Accessibility statements are an ideal place to empower visitors to your website. Most accessibility statements are too technical, and don't necessarily address the needs of the visitor. Those that do address the needs of visitors often have the information lost in a myriad of other information that is unlikely to be understood by the average visitor to the website. What should and shouldn't be included in an accessibility statement?
Author: Gez Lemon
This article has been kindly translated into French by Monique Brunel.
An accessibility statement typically shows an overview of the accessibility features implemented on a website. Unfortunately, most accessibility statements concentrate on the technical aspects, which will mean very little to most visitors of the website. The technical aspects will make sense if your website is aimed at web developers and designers, but if your website is aimed at the general public, the accessibility statement should highlight how to get the most from your website in a way that is understandable to your target audience.
The first and most important part of an accessibility statement should demonstrate your commitment to accessibility, and provide a means of contacting the website for people that may be experiencing problems. For example:
Juicy Studio is committed to ensuring that this website is accessible to everyone. If you have any questions or suggestions regarding the accessibility of this site, please contact me, as I am continually striving to improve the experience for all visitors.
The focus of the rest of the accessibility statement should be about empowering your visitors, illustrating how to get the most from your website and how to overcome any accessibility barriers that might be present in your content.
A lot of accessibility statements start with a section about conformance. Conformance is an important aspect of accessibility, but the chances are that conformance will be of little interest to your visitors; they can either use the website efficiently, or they can't, and that's likely to be all your visitors care about. If you feel compelled to mention all guidelines and recommendations that you follow, consider putting them in a glossary at the end of the accessibility statement to save those who are not that interested having to wade through a bulky section on conformance.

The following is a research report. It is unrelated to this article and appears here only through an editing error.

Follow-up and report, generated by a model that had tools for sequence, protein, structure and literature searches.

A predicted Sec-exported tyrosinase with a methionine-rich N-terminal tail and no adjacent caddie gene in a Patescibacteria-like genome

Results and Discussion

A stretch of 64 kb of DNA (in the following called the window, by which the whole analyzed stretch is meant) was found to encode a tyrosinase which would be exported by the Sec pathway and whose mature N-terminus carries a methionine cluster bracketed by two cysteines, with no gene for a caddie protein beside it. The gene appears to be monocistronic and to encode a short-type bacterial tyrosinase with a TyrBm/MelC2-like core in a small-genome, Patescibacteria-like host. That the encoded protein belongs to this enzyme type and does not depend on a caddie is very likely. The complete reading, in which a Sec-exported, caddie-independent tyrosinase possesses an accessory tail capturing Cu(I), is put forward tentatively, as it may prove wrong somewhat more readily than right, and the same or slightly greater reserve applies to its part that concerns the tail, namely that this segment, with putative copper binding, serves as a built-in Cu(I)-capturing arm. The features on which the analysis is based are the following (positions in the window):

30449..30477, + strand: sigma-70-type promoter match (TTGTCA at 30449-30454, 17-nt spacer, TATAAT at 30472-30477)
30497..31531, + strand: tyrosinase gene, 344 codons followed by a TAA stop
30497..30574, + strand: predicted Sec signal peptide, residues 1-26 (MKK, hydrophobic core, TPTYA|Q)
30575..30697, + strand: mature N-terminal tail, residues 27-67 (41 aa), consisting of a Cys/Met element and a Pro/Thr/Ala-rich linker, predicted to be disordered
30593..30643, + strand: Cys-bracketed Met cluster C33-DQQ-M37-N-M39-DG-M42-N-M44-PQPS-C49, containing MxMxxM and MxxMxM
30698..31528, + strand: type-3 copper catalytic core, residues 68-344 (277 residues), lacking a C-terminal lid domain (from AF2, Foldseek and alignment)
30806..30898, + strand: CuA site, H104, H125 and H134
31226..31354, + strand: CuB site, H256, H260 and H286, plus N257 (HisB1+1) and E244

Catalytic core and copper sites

You may have gone to considerable lengths ensuring that your content is accessible, and it's quite likely that you would like to tell your visitors about the steps you've taken. It's not unusual to find the following in accessibility statements:
- Link phrases make sense when read out of context
- Tabular data is marked up correctly
- Form controls are explicitly associated with their prompts
- Style sheets are used for presentation
- Font-sizes are specified using relative units of measurement
These may well be commendable features, but what do they mean to your visitors? Surely a visitor that gathers a list of links from a page would realise whether or not they made sense out of context without a statement to that effect? Similarly, a visitor is likely to realise whether or not tabular data is marked up correctly, and whether form controls are explicitly associated with their prompt without you stating it; particularly as they primarily benefit a particular section of your audience that may not necessarily understand the implications of the statements, but would definitely notice if those features hadn't been implemented. Whilst these steps might improve the accessibility of your content, they may not mean that much to your visitors, and will likely discourage them from reading the rest of your accessibility statement.